My client tried to prepare me for what was hiding inside of her closet. I could feel the shame coming off of her. I think she thought that when I saw the closet's contents I would criticize and humiliate her.
But I never think my clients are bad people or that they screwed up and should have been better. I know that they are often feeling that. But I'm hoping that my kindly taking a look and asking questions will help alleviate them of their suffering.
I opened the closet. It was a vast and tangled five foot high assemblage of books, magazines, papers, clothes, sports equipment, electronics, kids' art, and other items that she'd randomly placed in the closet for years. She said, "Oh, my God, I'm sorry. I wanted to put shelves in there, but never got around to it. I've never shown this to anybody. I'm sorry. I'm terrible, aren't I?"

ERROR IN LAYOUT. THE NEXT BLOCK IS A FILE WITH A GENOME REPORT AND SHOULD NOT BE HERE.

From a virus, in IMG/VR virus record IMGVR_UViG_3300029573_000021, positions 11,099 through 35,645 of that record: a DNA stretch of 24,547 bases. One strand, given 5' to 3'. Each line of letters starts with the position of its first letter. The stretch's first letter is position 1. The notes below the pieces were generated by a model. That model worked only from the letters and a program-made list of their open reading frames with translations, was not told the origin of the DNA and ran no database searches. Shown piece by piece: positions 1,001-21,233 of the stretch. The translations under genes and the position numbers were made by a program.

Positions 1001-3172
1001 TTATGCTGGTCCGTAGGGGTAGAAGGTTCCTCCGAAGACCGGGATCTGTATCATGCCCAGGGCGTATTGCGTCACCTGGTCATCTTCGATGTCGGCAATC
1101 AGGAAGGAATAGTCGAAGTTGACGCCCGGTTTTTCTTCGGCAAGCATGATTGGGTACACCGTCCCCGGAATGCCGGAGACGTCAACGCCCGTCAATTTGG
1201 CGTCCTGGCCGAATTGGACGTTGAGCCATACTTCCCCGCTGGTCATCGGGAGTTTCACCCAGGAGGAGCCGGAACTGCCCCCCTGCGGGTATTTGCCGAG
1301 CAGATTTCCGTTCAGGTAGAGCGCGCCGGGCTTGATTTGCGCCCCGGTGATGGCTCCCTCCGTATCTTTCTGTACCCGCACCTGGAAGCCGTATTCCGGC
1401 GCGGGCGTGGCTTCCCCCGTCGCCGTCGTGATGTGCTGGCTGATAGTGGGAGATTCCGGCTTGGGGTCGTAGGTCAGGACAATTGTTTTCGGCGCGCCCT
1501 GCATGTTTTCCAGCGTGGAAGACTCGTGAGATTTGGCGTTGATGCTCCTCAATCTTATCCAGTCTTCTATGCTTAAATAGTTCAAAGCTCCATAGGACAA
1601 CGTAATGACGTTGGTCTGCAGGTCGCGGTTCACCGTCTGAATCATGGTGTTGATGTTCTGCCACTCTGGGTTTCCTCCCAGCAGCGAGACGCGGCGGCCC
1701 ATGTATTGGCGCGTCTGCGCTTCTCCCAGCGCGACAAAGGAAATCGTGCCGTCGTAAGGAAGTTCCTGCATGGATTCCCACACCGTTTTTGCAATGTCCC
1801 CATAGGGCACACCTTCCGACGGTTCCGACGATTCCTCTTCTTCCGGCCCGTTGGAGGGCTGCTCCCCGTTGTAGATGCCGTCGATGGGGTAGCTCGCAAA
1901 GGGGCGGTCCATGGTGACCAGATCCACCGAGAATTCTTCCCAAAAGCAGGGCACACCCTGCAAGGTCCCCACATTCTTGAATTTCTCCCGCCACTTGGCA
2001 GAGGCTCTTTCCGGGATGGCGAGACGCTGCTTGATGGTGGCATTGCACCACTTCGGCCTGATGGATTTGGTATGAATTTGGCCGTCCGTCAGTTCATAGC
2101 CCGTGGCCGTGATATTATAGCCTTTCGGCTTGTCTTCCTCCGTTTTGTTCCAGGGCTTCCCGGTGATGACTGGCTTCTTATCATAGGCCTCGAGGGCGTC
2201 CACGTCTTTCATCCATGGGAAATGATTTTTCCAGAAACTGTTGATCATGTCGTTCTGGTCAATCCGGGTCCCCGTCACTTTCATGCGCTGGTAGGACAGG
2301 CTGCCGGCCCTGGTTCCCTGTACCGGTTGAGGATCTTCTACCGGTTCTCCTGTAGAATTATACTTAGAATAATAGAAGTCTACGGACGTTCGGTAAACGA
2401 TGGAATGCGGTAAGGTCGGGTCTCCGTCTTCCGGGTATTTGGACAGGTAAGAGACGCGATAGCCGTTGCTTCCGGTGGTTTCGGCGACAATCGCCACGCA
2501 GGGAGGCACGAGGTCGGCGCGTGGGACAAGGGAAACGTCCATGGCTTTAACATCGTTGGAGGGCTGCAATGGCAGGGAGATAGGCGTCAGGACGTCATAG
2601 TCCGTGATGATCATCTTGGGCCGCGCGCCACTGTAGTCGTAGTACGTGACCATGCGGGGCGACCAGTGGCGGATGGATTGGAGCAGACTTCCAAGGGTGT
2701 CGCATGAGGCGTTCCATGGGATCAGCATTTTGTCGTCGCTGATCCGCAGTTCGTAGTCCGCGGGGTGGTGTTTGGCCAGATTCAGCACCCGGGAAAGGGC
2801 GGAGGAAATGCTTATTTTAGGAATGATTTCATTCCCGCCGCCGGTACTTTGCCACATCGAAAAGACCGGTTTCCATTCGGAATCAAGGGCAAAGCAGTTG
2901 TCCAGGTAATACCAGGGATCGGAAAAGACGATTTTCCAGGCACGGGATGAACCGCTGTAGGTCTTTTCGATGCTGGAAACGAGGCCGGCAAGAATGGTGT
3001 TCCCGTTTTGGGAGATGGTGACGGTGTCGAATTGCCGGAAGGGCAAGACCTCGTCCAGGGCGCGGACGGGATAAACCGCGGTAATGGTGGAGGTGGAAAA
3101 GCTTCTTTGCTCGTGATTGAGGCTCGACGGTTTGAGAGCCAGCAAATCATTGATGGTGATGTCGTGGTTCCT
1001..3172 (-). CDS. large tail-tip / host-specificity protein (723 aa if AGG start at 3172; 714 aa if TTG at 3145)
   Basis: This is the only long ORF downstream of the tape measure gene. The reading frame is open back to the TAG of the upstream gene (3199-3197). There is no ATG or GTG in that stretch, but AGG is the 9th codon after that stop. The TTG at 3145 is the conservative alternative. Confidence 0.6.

I said, "You're not terrible, but I can understand how this bothers you. Let's unravel it so you can feel better."
I think she couldn't fathom my response. She probably couldn't imagine a scenario of her not being wrong in some way. Which is always the most potent form of clutter.
I pulled out one item at a time and asked her if she wanted it anymore or if she could let it go. That always brings people right back into the moment. When we look away from the entirety of the clutter situation and consider one thing at a time, we know what to do. It makes the gooey and sticky guilt and shame slip right off of our hearts and minds.
We went through the entire closet in 45 minutes. Most of the closet's contents went into trash, recycling and donate bags. She was giddy with freedom.